THIS IS A GUEST POST.
Okay, so there is a lot of free content out on the internet that is available for both kids and adults, but much of it isn’t as ‘free’ as it might appear. Many apps are great fun for a few minutes worth of distraction but soon require in-app purchases in order to continue. Even some well-respected sites are full of advertising that can lead younger ones off in the wrong direction, unless they are being supervised. Good online activities should be fun, engaging and even promote education and you don’t have to pay for them, if you know where to look. Here’s some examples of the sort of thing kids will like and that parents can be confident in.
Much-loved by younger children, Marvel’s characters include Spider-Man, Iron Man and the Hulk. Fortunately, Marvel Kids produce age appropriate content for free on their website. This includes the sort of platform and ladder type games that younger children seem to pick up so instinctively and which can be played on a tablet or a PC. And if you don’t fancy your kids spending too much time in front of the screen, there are mazes, word searches and even sodokus that children can complete, helping to promote more educational activities whilst still inhabiting the make-believe world of super-heroes.
Jump to Jumpstart
Jumpstart.com is a good resource for finding activities for kids according to their age. An American site, it lists some of these according to the US grade system, but parents can also easily navigate by looking for activities suited to four-year-olds, for example. As well as games, the site features holiday activities and worksheets. The worksheets range from simple colouring in type activities to science and maths ones. You can even find worksheets that encourage critical thinking and social studies, covering subjects like Polar exploration and ecology in depth.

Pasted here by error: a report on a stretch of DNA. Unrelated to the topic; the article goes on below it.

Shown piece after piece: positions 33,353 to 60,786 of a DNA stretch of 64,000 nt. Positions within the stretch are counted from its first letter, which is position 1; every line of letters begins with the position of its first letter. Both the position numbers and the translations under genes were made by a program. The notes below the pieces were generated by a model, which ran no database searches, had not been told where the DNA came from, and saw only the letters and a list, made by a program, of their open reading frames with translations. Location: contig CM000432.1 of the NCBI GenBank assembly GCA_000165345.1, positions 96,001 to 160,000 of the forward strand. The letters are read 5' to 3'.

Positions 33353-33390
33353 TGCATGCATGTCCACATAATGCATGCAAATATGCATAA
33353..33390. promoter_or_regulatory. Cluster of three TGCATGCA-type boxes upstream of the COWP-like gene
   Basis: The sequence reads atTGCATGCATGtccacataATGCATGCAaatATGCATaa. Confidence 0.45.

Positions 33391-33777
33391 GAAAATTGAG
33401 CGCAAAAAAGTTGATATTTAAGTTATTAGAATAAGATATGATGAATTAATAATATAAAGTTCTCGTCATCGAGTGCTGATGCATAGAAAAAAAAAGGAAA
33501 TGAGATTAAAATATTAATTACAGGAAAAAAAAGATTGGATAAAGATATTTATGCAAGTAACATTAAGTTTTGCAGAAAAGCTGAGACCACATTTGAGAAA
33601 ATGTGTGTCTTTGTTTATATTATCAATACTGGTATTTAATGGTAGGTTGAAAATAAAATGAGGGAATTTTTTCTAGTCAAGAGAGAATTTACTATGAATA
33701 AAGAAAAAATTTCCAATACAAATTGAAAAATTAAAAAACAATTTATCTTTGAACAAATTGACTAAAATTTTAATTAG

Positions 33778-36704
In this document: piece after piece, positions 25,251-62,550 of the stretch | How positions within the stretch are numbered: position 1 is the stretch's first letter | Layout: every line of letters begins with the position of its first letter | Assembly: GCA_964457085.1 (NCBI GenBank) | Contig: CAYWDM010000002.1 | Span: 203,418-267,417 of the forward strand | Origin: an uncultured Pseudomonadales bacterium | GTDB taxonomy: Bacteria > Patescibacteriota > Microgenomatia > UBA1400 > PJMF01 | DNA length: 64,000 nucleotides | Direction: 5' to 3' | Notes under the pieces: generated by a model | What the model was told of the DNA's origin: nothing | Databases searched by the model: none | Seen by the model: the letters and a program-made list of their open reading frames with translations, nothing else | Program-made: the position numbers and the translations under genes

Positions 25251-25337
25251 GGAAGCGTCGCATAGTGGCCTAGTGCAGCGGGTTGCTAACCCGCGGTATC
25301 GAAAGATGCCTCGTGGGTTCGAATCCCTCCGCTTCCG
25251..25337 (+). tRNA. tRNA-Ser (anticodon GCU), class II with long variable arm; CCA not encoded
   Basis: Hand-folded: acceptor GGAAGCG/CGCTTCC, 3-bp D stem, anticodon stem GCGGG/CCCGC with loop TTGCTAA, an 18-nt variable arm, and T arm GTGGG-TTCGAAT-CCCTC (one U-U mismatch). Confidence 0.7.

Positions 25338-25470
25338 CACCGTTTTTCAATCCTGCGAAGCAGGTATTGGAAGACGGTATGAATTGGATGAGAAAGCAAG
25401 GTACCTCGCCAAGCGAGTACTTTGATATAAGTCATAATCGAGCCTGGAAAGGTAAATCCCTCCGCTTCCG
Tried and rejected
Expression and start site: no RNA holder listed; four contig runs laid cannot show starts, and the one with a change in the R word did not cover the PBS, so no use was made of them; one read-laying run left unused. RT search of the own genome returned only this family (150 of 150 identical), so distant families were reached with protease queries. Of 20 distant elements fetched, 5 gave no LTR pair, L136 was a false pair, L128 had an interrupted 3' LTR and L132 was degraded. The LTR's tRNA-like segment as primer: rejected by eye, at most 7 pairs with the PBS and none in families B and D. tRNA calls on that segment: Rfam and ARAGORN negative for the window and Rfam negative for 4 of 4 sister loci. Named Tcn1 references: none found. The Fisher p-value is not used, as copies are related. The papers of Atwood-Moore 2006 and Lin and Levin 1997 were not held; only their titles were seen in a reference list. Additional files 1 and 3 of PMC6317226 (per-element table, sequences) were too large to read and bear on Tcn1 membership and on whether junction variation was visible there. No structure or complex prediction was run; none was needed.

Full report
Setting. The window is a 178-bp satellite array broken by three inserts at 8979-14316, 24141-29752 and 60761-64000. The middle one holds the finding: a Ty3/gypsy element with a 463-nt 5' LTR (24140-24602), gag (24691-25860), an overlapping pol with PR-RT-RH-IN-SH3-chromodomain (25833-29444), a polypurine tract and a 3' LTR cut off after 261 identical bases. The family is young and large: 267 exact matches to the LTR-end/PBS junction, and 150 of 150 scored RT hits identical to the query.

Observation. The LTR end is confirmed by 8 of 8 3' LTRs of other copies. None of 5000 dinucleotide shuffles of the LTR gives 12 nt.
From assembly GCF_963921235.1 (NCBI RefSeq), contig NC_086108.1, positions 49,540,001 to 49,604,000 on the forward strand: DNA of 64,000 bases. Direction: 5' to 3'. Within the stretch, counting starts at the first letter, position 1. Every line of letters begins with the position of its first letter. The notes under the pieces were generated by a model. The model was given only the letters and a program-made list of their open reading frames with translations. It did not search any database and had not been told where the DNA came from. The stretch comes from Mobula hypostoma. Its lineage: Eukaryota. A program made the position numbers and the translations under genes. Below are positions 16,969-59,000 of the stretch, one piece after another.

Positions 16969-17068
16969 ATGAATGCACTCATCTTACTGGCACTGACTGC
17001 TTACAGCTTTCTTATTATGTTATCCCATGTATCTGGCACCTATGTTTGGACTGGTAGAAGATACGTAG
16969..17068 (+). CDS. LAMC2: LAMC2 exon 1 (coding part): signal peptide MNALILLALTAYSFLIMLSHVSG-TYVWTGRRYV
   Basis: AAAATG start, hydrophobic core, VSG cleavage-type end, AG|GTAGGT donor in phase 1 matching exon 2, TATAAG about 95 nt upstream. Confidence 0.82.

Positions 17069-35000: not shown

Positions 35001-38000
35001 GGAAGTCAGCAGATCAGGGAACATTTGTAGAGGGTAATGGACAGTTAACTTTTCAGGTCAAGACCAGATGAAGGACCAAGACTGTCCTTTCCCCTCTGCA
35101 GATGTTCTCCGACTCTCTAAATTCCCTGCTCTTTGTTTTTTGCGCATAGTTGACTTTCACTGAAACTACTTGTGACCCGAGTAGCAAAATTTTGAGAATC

Learning to Read
Younger children who are learning to read can find many opportunities to access stories and non-fiction online, but not all sites are specifically geared towards phonics learning. In many cases, those site that are genuine phonics resources only offer temporary access to their content during a free trial period. Fortunately, Starfall, a registered charity, offers free reading material that is phonics-based, mirroring the sort of reading done at school, and which can be accessed in a helpful way for a variety of reading skills. There is some content that parents need to pay for, primarily aimed at home educators, but there are plenty of online books kids can browse through and read without needing any expenditure at all. Another good site to head to for phonics material is free-phonics-worksheets.com which allows parents to download PDFs. It also has a handy instructional guide to help adults get the best results from the activities, when they are assisting children with their learning.